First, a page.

It was acceptable in the ’80s, the song says – but if anything, the influence of that decade is more acceptable than ever in contemporary electronic music. Blancmange front man Neil Arthur has joined a long list of the decade’s key electronic forbears, including OMD, John Foxx and Gary Numan, in rediscovering his love of the album format. Like them, his past work has also been upgraded through critical reappraisal.
Arthur’s renovation was marked by three albums under the new incarnation of Blancmange, topped by last year’s Commuter 23 album, but now he is now striking out for pastures new as half of Fader. With him is Benjamin ‘Benge’ Edwards, who has an impressive CV as The Maths, with John Foxx, while operating as a key member of both Gazelle Twin and Wrangler. What he doesn’t know about a synthesizer isn’t really worth knowing, and on Fader’s First Light he provides the subtle but meaningful studio touches too, the light and shade to the imaginative lyric writing.
The two make darkly coloured synth pop that pays homage to ’80s greats – Joy Division, Blancmange themselves and John Foxx – but which also looks to new ways of storytelling. Arthur’s vocals mix the human and the mechanical, and his Lancastrian accent is also allowed through on occasion, giving a more personal element to the discourse.
The advantages and trappings of modern life are examined, often in uncomfortable detail. Check The Power is an inspired piece of work, getting right under the skin as Arthur enquires, innocently, “Is the door locked? Is the power off?” The nagging vocal becomes more insistent, so much so that walking up the road with this on your headphones is a dangerous exercise. “You’d better go back,” insists Arthur, sotto voce…”you’ve gotta go back!”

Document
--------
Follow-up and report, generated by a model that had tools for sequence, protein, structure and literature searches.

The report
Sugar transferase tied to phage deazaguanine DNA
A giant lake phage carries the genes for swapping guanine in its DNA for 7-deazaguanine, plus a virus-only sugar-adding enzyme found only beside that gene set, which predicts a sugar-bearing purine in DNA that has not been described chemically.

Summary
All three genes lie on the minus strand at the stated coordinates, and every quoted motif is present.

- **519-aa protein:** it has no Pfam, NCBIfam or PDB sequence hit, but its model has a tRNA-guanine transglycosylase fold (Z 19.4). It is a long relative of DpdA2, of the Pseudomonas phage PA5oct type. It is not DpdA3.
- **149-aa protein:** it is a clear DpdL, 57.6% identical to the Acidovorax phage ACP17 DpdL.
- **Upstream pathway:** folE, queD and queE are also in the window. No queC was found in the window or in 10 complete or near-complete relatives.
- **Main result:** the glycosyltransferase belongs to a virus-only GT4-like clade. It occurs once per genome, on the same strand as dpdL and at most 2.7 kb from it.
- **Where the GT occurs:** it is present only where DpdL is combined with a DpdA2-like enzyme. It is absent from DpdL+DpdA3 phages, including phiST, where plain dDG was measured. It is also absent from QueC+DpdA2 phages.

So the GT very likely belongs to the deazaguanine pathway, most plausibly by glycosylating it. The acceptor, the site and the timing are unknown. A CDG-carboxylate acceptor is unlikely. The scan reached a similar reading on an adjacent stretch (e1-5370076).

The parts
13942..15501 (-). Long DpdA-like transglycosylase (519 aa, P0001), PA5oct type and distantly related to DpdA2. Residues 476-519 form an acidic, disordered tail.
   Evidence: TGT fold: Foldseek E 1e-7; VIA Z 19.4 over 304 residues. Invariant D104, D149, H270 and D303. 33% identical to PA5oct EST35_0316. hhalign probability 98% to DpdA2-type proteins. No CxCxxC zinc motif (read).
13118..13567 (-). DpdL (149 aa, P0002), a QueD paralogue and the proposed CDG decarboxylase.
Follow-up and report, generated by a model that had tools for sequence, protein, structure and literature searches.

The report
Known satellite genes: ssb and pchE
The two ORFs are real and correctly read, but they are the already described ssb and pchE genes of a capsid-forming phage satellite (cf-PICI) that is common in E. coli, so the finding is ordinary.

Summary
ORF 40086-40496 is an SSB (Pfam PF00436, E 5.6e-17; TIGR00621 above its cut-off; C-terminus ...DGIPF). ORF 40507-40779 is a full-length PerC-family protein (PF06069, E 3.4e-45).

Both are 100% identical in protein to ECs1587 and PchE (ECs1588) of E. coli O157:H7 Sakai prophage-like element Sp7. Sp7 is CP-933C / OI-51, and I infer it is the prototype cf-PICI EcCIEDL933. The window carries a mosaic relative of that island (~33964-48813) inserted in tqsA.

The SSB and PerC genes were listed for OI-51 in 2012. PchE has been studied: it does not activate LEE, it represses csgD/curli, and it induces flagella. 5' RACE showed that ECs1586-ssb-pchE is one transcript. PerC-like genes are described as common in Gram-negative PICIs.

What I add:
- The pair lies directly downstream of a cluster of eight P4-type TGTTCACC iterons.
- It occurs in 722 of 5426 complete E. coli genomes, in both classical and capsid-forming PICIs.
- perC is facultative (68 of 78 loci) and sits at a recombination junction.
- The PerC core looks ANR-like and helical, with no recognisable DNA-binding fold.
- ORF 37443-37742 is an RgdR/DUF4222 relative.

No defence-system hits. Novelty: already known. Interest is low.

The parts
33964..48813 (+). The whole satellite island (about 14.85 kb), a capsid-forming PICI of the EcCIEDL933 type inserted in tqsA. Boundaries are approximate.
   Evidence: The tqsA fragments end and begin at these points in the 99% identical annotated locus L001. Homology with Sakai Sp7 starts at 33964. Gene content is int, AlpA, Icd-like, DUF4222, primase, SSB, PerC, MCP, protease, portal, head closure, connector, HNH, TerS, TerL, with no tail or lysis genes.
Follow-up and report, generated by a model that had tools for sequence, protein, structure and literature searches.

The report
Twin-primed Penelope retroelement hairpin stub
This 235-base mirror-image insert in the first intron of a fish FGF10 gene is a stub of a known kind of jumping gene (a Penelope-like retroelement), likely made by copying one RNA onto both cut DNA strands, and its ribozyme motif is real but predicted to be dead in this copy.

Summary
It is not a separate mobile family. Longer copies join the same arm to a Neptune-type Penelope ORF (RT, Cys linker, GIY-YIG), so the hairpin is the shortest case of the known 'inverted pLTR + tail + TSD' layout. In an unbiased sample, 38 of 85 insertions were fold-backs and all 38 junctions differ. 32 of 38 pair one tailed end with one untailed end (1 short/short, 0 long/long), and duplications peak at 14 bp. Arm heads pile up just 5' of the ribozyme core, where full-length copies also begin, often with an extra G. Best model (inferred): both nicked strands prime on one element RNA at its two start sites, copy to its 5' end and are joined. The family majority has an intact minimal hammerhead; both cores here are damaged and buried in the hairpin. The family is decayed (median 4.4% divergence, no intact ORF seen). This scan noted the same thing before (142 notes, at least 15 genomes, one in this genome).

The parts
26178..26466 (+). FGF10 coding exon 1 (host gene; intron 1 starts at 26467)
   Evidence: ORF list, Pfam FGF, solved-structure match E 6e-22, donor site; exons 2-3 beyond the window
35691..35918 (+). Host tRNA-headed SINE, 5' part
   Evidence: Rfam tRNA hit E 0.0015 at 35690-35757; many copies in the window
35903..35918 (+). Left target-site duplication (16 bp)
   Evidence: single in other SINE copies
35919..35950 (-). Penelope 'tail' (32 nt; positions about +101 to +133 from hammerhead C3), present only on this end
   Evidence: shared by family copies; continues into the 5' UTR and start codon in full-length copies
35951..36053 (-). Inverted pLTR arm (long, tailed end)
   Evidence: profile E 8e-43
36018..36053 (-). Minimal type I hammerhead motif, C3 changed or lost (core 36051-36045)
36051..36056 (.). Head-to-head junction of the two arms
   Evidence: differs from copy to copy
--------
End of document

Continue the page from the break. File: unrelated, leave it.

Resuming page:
Guilt, Doubt And Fear is similarly nightmarish, a bad trip that leaves its subject unable to confront even the most familiar sights. Arthur’s voice, now in its lower register, is once again a nagging presence, and the fact the song ends too early only heightens its unresolved fretfulness.
The music stands on much firmer ground with I Prefer Solitude, a paean to the advantages of the single life in the wake of a break up, while the opening 3D Carpets is a pepped-up exploration of a riff from the same family as Spandau Ballet’s To Cut A Long Story Short. In the song Arthur explores time shifting possibilities, putting “put the rings back on the onion”.
First Light moves effortlessly between these mechanized, rhythm-powered tracks and elegiac moments of intimate thought. Into the latter category fall Liverpool Brick, Trip To The Coast and Laundrette, all distinctively English but, in the last case especially, laden with doomed romanticism. The song paints a vivid picture of an encounter in the laundrette “on Nelson Street”, the softly pulsing synth mimicking the turn of the tumble dryer while Arthur describes a scene where “after years of nothing, we finally meet… wishing away the stain on our rags”.
Benge paints some masterful yet slightly hazy scenes, the English suburbs and countryside never far from the mind’s eye. None of the musical gestures are too outlandish, but there is character, intrigue in abundance, not to mention a frisson of peril.
First Light looks set to be the first chapter of a rewarding enterprise, succeeding for similar reasons to John Foxx and the Maths. Neil Arthur’s renaissance is complete – yet the feeling remains this is just the beginning of a richly creative period for him. With Benge he has the perfect partner in crime.